Providers awarded $13.8M to recruit PMI cohort participants
The National Institutes of Health has awarded $13.8 million to three groups of healthcare providers to help enroll participants in a landmark study designed to create one of the world’s largest and most diverse datasets for precision medicine research.
In addition to enrolling volunteers in the Precision Medicine Initiative’s All of Us national cohort of 1 million Americans, these provider organizations will gather participant health information as well as attempt to retain individuals in the research program through ongoing engagement efforts.
Participants in the study will contribute their physical, genomic and electronic health record data to improve the ability to prevent and treat disease based on individual differences in lifestyle, environment and genetics. Besides providing blood and urine samples as well as access to EHRs, the providers will collect information from volunteers in the program through mobile technology and surveys.
The three provider groups receiving awards—two based in the South and one in the Midwest—are joining a growing network of medical centers from around the country who will be working to recruit participants for the longitudinal study.
In particular, NIH is looking to recruit volunteers for the cohort from underserved populations, including lower-income, Hispanic and Latino, African American, American Indian and rural communities.
“We want this program to reflect the rich diversity of our country,” said Eric Dishman, director of NIH’s All of Us research program. “Expanding our national network of healthcare provider organizations enhances our ability to reach communities traditionally underrepresented in medical research. Working with participants across the country, we hope to contribute to medical breakthroughs that may lead to more tailored disease prevention and treatment solutions in the future.”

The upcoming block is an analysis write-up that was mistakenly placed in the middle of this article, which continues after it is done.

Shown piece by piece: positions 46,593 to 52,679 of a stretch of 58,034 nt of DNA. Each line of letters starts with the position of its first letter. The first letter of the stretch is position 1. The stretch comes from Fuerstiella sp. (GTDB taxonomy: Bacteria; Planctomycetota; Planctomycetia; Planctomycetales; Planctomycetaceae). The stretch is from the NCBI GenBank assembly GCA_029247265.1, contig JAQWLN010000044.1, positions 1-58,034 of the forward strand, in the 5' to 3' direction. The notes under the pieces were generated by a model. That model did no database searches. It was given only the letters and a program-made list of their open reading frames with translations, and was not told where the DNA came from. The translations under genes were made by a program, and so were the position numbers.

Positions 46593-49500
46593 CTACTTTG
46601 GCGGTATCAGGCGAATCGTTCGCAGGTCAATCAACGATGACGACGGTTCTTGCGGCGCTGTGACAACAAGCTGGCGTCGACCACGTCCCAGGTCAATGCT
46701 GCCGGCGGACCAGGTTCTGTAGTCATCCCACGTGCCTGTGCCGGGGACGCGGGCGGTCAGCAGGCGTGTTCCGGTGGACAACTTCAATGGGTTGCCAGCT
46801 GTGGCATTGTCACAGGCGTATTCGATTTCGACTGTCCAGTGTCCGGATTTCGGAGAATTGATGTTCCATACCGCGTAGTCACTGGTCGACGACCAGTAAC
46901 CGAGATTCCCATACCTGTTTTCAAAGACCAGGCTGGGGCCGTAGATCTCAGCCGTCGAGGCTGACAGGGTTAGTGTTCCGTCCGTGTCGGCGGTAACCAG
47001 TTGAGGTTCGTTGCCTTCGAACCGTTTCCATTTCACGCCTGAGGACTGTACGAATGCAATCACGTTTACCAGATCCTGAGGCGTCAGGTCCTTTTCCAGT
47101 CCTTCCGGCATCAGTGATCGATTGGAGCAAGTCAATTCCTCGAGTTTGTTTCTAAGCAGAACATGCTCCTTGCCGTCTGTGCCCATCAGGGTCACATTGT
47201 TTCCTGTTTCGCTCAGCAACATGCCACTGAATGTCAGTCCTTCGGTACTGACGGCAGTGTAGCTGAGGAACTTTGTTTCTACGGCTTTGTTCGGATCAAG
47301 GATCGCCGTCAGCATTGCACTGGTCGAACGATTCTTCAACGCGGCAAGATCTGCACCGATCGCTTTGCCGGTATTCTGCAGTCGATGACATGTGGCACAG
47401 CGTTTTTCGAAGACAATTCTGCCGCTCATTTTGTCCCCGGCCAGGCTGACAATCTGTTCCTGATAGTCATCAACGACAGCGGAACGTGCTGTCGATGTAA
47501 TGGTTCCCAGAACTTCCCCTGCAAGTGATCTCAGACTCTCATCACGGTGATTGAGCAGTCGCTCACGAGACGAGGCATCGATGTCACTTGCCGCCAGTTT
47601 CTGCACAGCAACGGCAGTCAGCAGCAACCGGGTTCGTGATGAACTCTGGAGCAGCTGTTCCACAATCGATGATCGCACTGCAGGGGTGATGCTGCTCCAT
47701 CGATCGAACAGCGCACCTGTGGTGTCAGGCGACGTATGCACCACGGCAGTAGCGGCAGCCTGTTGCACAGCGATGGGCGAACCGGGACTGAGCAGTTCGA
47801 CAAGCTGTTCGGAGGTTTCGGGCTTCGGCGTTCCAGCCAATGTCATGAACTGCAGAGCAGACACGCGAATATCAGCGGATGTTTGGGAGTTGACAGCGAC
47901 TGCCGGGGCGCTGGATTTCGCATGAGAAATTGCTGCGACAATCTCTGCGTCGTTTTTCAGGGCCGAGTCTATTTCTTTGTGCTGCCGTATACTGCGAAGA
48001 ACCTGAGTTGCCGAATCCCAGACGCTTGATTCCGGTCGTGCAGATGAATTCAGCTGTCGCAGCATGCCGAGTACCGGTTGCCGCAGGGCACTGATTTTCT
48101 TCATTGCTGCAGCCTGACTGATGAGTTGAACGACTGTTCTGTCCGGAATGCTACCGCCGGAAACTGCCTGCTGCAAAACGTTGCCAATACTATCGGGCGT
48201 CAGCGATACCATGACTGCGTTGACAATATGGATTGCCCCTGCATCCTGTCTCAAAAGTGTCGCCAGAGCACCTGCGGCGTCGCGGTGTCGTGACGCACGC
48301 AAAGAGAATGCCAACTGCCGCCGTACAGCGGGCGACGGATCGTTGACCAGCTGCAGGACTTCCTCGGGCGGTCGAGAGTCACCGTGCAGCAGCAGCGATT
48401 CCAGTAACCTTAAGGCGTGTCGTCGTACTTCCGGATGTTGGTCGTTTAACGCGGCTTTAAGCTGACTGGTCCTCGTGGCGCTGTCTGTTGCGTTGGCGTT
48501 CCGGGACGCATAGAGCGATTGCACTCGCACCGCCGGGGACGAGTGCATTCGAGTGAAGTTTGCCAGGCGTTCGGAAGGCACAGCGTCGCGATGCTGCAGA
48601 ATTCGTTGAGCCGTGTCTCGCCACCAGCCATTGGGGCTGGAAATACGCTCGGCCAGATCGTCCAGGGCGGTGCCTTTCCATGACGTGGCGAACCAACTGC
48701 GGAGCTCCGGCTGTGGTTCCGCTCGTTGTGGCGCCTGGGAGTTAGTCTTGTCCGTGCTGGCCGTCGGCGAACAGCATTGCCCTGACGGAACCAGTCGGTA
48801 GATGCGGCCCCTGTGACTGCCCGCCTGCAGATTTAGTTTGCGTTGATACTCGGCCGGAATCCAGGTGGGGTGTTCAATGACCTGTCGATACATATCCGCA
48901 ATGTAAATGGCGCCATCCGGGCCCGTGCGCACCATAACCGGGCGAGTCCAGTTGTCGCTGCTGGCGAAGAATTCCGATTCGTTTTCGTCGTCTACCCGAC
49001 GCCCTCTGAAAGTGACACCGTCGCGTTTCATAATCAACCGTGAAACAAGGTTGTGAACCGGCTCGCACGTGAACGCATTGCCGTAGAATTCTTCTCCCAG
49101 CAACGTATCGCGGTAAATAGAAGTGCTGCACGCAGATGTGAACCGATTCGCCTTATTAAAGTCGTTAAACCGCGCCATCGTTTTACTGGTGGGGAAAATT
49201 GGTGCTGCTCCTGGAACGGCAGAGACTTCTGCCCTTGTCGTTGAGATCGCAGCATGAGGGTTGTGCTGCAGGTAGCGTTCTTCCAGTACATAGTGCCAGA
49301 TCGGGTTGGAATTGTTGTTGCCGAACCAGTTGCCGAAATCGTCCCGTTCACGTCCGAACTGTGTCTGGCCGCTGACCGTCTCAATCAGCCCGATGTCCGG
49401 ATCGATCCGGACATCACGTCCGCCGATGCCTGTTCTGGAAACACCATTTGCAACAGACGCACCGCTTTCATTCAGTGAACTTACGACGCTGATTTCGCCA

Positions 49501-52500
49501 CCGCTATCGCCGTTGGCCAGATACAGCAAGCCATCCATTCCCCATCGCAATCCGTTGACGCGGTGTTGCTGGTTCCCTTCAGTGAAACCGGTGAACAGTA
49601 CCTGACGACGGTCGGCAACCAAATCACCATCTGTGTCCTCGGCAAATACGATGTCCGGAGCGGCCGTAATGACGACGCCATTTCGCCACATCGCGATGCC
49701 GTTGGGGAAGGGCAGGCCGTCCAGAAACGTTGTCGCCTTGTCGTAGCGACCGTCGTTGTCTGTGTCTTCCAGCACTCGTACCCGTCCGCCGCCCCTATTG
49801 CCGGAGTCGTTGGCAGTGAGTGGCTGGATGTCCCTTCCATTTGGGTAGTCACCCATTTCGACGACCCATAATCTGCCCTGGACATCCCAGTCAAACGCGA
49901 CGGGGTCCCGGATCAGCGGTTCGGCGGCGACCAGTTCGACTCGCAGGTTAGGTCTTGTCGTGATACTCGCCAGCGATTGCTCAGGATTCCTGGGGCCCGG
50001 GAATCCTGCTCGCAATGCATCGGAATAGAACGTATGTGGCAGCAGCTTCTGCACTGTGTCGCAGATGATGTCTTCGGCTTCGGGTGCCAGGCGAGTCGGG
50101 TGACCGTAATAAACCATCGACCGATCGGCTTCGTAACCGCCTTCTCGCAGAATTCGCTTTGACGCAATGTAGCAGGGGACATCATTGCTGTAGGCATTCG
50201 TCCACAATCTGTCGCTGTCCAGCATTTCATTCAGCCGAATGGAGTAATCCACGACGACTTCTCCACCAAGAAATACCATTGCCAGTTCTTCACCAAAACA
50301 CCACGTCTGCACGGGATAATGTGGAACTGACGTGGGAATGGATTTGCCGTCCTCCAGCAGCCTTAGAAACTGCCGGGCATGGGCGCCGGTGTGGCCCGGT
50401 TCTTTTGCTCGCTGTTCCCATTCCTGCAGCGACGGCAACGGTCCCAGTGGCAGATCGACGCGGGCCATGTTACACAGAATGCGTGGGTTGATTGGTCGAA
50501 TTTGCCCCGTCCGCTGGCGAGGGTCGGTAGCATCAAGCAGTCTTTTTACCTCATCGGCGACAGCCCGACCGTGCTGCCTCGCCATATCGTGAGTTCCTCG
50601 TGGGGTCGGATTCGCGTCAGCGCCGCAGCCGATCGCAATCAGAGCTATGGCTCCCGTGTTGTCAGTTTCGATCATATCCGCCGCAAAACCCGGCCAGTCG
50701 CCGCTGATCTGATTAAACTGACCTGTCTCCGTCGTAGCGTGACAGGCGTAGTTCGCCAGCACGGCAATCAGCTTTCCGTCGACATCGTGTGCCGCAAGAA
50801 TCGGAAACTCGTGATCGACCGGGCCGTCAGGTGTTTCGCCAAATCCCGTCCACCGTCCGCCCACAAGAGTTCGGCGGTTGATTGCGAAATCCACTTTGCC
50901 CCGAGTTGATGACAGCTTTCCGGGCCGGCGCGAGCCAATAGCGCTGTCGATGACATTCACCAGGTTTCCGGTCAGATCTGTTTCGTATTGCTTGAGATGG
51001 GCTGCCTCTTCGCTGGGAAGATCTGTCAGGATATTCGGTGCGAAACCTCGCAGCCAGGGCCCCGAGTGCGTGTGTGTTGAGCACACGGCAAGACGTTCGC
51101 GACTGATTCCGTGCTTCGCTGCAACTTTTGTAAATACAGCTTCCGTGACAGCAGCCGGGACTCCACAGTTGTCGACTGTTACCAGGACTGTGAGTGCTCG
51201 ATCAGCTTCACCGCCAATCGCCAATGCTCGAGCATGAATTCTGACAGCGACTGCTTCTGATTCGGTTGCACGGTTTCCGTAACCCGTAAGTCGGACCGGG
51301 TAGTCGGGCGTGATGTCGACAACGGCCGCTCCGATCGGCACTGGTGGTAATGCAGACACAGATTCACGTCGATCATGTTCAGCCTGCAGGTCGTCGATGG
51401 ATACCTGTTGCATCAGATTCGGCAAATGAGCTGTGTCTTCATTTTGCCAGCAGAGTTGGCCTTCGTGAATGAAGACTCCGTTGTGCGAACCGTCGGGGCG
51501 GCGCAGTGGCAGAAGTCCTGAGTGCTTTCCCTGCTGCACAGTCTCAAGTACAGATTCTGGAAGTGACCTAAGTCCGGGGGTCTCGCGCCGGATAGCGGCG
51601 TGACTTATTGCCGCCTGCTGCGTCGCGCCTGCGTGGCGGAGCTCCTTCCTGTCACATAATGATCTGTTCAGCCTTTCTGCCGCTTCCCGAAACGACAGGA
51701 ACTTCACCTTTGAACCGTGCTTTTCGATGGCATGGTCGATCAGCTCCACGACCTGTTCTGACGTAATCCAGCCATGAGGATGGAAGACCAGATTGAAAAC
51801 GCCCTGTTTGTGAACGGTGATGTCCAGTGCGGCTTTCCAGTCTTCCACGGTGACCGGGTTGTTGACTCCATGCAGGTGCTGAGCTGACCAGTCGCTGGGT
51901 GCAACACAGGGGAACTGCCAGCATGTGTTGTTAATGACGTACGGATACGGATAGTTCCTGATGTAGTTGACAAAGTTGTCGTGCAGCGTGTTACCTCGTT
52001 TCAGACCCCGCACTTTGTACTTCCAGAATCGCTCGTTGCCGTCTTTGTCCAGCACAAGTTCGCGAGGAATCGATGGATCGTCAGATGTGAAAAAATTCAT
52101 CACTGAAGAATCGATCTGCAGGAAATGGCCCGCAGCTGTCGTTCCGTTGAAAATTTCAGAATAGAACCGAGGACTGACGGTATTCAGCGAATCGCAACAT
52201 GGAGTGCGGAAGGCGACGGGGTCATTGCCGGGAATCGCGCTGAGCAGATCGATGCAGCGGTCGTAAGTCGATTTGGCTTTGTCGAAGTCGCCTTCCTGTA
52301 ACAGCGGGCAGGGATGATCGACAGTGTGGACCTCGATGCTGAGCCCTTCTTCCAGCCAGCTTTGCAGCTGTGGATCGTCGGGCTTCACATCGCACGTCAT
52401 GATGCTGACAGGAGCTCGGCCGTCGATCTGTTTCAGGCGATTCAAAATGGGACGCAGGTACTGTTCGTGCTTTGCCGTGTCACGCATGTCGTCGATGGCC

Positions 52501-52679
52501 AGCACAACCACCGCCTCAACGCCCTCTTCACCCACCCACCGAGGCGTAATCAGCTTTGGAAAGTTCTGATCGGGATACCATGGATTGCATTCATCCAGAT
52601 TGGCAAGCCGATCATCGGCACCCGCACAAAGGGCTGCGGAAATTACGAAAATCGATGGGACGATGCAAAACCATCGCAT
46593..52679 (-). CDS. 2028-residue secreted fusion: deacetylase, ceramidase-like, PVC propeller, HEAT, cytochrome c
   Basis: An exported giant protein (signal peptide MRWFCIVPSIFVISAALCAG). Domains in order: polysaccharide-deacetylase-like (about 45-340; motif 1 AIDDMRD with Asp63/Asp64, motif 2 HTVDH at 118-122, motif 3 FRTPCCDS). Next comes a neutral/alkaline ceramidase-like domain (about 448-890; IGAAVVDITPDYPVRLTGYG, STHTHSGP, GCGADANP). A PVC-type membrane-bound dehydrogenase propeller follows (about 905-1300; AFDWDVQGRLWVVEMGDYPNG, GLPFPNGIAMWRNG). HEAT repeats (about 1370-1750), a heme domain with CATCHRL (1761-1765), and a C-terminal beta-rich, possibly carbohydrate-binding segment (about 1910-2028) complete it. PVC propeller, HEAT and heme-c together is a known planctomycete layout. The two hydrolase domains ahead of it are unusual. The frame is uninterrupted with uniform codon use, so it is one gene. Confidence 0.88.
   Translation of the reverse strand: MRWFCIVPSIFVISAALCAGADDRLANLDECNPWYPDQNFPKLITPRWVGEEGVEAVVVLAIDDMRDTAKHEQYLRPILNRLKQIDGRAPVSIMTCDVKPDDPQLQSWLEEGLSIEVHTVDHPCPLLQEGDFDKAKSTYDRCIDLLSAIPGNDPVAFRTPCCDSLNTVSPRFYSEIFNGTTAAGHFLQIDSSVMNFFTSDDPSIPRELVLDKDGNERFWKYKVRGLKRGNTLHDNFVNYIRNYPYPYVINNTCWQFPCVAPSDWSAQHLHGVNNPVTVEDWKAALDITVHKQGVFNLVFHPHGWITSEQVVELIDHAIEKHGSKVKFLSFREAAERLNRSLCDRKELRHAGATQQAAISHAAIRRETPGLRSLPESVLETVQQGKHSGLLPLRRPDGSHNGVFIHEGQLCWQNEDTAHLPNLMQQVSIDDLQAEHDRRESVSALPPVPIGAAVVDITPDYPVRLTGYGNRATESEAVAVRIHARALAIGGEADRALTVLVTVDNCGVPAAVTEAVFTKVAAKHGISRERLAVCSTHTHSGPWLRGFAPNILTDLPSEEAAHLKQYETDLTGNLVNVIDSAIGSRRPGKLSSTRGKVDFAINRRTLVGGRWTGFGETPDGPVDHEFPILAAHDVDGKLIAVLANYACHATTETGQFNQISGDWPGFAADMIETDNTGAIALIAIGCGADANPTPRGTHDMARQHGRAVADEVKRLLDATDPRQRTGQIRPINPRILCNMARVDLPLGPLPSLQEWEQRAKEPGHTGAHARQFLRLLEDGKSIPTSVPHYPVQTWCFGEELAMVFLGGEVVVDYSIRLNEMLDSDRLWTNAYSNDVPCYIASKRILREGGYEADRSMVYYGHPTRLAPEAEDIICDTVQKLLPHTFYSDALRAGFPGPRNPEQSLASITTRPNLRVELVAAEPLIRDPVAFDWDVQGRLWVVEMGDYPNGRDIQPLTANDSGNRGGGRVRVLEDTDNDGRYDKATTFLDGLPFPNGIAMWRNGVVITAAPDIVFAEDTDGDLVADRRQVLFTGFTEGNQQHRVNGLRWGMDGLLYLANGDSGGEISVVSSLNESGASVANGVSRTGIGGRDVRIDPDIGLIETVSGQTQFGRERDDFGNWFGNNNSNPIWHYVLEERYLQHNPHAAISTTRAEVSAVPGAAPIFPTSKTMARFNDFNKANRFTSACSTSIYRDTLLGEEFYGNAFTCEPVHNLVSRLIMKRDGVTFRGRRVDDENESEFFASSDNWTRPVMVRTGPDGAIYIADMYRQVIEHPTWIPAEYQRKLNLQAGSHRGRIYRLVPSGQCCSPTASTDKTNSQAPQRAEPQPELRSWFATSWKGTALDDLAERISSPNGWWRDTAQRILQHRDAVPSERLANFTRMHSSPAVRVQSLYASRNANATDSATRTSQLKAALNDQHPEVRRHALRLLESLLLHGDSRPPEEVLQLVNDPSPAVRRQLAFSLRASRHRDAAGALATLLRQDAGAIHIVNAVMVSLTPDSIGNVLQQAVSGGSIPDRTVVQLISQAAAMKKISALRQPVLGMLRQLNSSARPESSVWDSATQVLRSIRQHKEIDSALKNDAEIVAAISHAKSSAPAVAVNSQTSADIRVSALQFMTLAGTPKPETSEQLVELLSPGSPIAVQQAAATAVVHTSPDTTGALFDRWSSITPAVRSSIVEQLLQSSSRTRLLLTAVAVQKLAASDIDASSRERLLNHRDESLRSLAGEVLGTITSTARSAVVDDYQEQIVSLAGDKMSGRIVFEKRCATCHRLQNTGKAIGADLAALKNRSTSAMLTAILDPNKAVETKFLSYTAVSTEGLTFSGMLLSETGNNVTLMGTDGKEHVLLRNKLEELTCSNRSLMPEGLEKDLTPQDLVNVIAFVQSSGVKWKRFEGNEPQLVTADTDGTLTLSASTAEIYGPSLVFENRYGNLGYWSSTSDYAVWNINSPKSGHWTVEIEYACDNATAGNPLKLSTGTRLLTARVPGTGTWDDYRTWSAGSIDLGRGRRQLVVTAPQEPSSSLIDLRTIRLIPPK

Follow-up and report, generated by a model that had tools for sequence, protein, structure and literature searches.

The three provider groups receiving the awards include:
- Southern All of Us Network—University of Alabama at Birmingham (UAB); Cooper Green Mercy Hospital, Birmingham, Ala.; Huntsville Hospital, Ala.; Louisiana State University Health Sciences Center, New Orleans; Tulane Medical Center, New Orleans; Tuskegee University, Ala.; UAB Hospital, Birmingham, Ala.; UAB School of Medicine’s Montgomery Internal Medicine and Selma Family Medicine programs, Birmingham, Ala.; University of Mississippi Medical Center, Jackson; University of South Alabama Health System, Mobile; and University Medical Center, Tuscaloosa, Ala.
- SouthEast Enrollment Center—University of Miami Miller School of Medicine, Fla.; Emory University, Atlanta; Morehouse School of Medicine, Atlanta; and the OneFlorida Clinical Research Consortium led by the University of Florida in Gainesville.
- All of Us, Wisconsin—Marshfield Clinic Research Institute; BloodCenter of Wisconsin, Milwaukee; Medical College of Wisconsin, Milwaukee; and the University of Wisconsin School of Medicine and Public Health in Madison.
The All of Us program, which is currently in beta testing, is leveraging a national network of provider organizations including regional medical centers, community health centers, and Department of Veterans Affairs’ medical centers.
NIH announced in June that it had begun enrolling the program’s first participants as beta testers and that the agency was “starting small with enrollment and scaling up carefully” from one site to more than 100 sites nationally during the beta phase. Currently, enrollment in the program is by invitation only.
“Our partners will begin testing on a staggered schedule through early fall, each enrolling a handful of participants a day to start, and inviting more when ready—eventually totaling at least 10,000 people across the country,” according to NIH.
Ultimately, the agency has set an ambitious goal of recruiting 1 million U.S. volunteers and hopes to continue to enroll participants well beyond that level.